Startup Secret No. 11: Rescue your darlings

The thing you plan to build and the thing that ends up having value may not be the same thing.

"What would you save?"

--Philippe Honigman, CEO of Social Folders

I reviewed Social Folders recently, and to be honest, found it a mixed bag: A useful and Interesting idea, but a very challenged business. So the story of how this product got here intrigued me.

Social Folders is based on a cloud storage and sync technology that originally appeared in a previous product, ftopia.

But Honigman realized that, "We came too late to a market already dominated by two large players [he means Dropbox and Box, I think] and overcrowded with dozens of smaller companies." So he did a little exercise. As he wrote to me, "I went through a thought experiment, picturing the crash of the project in my mind, and asking myself what I would instinctively rush to save from wreckage. When you've built something of value, the answer to that question comes to your mind as a blinding truth, and that's the first step to regenerate your venture."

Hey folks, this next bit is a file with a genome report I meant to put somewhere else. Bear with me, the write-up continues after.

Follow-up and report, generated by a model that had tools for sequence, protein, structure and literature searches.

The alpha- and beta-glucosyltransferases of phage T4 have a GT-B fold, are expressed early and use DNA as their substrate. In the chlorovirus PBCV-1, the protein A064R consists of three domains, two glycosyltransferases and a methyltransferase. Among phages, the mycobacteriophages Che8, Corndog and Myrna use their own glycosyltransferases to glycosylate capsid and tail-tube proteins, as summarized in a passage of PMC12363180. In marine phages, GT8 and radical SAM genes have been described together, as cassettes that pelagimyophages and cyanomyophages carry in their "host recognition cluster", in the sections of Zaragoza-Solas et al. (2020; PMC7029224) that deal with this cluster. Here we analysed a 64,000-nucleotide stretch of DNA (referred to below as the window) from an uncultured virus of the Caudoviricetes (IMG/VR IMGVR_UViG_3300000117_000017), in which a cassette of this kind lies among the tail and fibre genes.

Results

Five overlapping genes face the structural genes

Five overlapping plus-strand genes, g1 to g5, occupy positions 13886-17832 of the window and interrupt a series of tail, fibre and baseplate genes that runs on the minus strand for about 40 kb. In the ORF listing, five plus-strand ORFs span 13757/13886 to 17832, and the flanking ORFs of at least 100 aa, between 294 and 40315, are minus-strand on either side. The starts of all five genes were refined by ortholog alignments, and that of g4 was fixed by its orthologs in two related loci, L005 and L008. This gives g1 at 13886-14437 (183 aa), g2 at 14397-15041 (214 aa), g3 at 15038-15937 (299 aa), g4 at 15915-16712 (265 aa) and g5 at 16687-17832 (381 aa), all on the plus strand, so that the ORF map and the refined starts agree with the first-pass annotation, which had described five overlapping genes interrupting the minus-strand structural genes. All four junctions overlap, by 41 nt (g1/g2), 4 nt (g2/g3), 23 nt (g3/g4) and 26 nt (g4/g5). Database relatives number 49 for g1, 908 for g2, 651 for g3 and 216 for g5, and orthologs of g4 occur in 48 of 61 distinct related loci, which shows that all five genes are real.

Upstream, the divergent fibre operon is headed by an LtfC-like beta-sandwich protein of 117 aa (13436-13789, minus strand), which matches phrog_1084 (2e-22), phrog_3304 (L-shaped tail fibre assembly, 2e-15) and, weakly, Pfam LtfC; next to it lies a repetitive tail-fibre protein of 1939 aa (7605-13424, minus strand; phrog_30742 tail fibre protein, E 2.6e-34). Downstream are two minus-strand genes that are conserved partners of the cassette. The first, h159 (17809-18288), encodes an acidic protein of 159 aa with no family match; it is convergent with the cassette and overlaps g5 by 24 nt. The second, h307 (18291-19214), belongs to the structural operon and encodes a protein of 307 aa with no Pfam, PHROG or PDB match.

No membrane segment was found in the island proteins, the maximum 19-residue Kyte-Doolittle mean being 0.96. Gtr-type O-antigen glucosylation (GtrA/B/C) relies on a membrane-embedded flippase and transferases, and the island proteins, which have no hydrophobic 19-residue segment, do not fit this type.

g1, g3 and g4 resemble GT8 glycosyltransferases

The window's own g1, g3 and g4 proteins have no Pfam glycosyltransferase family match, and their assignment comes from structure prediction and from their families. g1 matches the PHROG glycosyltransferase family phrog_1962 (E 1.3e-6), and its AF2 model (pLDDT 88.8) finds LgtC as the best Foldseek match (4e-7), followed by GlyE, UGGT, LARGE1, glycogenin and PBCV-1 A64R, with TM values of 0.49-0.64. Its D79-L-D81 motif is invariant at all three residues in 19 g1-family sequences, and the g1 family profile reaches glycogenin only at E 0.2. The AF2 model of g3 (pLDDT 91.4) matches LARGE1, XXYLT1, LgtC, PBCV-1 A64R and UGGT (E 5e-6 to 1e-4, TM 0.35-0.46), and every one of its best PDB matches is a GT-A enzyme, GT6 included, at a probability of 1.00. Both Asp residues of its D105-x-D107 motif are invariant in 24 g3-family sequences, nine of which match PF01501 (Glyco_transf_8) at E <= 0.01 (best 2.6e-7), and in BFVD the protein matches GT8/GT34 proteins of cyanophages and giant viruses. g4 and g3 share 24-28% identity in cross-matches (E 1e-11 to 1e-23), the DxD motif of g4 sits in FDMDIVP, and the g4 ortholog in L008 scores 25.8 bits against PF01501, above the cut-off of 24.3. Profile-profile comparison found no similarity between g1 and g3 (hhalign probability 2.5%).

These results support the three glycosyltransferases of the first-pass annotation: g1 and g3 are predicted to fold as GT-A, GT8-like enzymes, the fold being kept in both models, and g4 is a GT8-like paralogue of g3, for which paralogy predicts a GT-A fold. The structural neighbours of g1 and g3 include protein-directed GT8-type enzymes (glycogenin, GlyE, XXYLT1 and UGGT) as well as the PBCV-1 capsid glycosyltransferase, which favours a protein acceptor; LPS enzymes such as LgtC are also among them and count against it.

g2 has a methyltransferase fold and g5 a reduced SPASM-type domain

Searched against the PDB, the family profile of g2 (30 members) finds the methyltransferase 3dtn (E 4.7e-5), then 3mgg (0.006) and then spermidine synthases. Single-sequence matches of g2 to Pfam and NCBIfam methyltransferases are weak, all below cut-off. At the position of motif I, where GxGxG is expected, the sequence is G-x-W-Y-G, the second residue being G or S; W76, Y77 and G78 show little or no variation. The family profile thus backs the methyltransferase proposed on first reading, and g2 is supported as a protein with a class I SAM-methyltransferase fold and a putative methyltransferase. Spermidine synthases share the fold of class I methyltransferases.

What Honigman rescued was the core sync-and-store back-end technology, which was tough to build, and, he figured, valuable. The social data sync product, Social Folders, is a new front-end on top of that. It has the advantage of being a unique and very specific product, running on top of a mature and robust back-end.

The counterargument to Honigman's position is a quote that all writers know (or should), attributed most widely to Faulkner: "Kill your darlings." In other words, just because you love it, it doesn't mean it deserves to live.

But it is important to know, in your gut, what the real core of your business is.


Startup Secrets is based on personal interviews with people building companies and on their blog posts and news stories. Subscribe to Startup Secrets on Twitter or come back to Rafe's Radar every day for a new one. See all the Startup Secrets.

 

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